As for Buffy and Spike—no strangers to impulsive, animalistic humping—they share an actual moment of tenderness, with Spike comforting Buffy by telling her that he loves her for who she is, not for what she represents, which prompts her to ask him to sleep next to her and hold her. It’s a sweet scene, but if I’m being honest, it’s coming a little late in the game for me. I was an early supporter of the Buffy/Spike pairing, then hated the way it took such a sour turn. I can buy Spike’s speech, but after everything that happened last season, it’s been harder to buy Buffy’s loyalty towards him. I feel like the Buffy team just over-thought that whole storyline, worrying too much about the “How could The Slayer love a soulless killer?” angle.

On the other hand, I wish the Buffy writers had thought more about the logistics of the two big intercut action scenes that end “Touched.” One of them is just fine, with Buffy going after Caleb and discovering the object he was protecting: what looks to be a kickass axe. But in the other, Faith leads the potentials down into an underground lair filled with weaponry, where they’re all ambushed by Bringers, in a fight sequence that’s dimly lit and hard to follow. Ah well. At least the Faith sequence has an exciting ending, as Kennedy discovers a bomb that’s set to blow in eight seconds. Seven. Six. Five….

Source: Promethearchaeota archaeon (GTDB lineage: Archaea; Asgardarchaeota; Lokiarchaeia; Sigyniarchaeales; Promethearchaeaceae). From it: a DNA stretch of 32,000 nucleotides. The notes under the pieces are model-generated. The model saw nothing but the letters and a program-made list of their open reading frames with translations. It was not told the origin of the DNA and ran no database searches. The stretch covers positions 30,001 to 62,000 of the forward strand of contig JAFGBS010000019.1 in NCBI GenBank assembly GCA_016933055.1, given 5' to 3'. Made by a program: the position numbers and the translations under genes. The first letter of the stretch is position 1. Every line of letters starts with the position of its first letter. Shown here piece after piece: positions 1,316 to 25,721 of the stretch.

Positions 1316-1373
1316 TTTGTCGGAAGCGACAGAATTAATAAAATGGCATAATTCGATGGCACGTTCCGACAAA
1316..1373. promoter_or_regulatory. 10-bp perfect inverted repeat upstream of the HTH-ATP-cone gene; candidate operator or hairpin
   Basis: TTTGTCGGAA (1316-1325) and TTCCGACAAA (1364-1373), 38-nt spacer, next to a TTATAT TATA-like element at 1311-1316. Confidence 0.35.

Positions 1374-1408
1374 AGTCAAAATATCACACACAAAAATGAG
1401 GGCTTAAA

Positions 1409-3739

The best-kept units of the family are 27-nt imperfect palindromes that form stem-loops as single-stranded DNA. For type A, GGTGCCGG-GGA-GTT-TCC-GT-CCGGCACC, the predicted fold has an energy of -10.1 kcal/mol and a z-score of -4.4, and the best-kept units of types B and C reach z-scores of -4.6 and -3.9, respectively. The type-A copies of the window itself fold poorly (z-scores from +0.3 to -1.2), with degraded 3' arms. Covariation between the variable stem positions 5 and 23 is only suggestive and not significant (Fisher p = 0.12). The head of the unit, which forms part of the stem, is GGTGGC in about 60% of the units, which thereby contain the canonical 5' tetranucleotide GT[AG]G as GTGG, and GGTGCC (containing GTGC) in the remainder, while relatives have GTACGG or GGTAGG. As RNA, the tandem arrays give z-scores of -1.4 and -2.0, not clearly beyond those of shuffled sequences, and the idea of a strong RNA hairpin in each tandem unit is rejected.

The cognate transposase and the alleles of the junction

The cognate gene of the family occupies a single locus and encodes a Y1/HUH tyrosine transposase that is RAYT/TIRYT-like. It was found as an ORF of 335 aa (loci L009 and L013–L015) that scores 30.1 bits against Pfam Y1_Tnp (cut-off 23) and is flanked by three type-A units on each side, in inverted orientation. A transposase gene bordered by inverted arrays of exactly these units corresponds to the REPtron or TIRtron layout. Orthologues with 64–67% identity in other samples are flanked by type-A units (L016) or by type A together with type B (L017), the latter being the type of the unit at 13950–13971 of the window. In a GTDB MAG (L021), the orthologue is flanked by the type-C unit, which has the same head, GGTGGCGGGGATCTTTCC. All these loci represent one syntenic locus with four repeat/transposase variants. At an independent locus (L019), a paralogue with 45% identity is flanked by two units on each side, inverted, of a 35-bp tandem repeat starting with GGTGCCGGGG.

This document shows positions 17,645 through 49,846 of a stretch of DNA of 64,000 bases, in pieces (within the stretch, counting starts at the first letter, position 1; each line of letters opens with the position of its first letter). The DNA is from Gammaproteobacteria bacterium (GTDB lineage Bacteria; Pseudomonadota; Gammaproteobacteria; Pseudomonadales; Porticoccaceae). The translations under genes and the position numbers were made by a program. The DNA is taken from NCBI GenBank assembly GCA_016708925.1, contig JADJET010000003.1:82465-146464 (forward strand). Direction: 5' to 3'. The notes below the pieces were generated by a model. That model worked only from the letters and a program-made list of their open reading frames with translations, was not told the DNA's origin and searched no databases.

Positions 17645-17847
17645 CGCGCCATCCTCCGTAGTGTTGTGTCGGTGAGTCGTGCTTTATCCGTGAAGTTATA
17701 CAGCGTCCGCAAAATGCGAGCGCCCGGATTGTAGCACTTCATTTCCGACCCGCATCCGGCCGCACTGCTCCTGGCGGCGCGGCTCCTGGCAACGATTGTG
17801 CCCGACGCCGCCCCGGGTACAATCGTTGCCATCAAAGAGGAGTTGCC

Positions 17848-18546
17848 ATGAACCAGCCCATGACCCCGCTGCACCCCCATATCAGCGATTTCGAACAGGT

See you next week.


I suppose it’s only fitting that a season as up and down and all over the map as Angel’s fourth would end with a beginning. It’s been a wild ride, this season, beginning with Angel underwater and Cordelia in the clouds, and Wes operating as a rogue demon-fighter while indulging in some kinky sex with Lilah. We’ve seen Fred and Gunn kill a man (and subsequently grow apart), Cordelia return to Earth and get possessed by a deity, and Connor pout his way through multiple adventures. It’s been a good season overall, just ragged at times. No matter how much Skip may have tried to fit everything into one picture, this year of Angel never really felt like one cohesive story.


And so: a reboot. And an exciting one at that. Lilah, who reappeared at the end of the last episode, explains that yes, she’s still dead, but that being dead doesn’t mean she’s not still employed by Wolfram & Hart, and W&H now has an offer for the team at Angel Investigations. “The offer of a lifetime!” Lilah says dramatically (and then, after an awkward pause, adds, “Just not, y’know, mine.”) After a comically long silence, we find out what Lilah told our heroes while we were watching the opening credits and the first commercial break: that W&H was so impressed with how Angel got rid of Jasmine and ended world peace that they now want him to take over their evil law firm. “But we ain’t lawyers,” Gunn protests. “Or evil… currently,” Fred adds.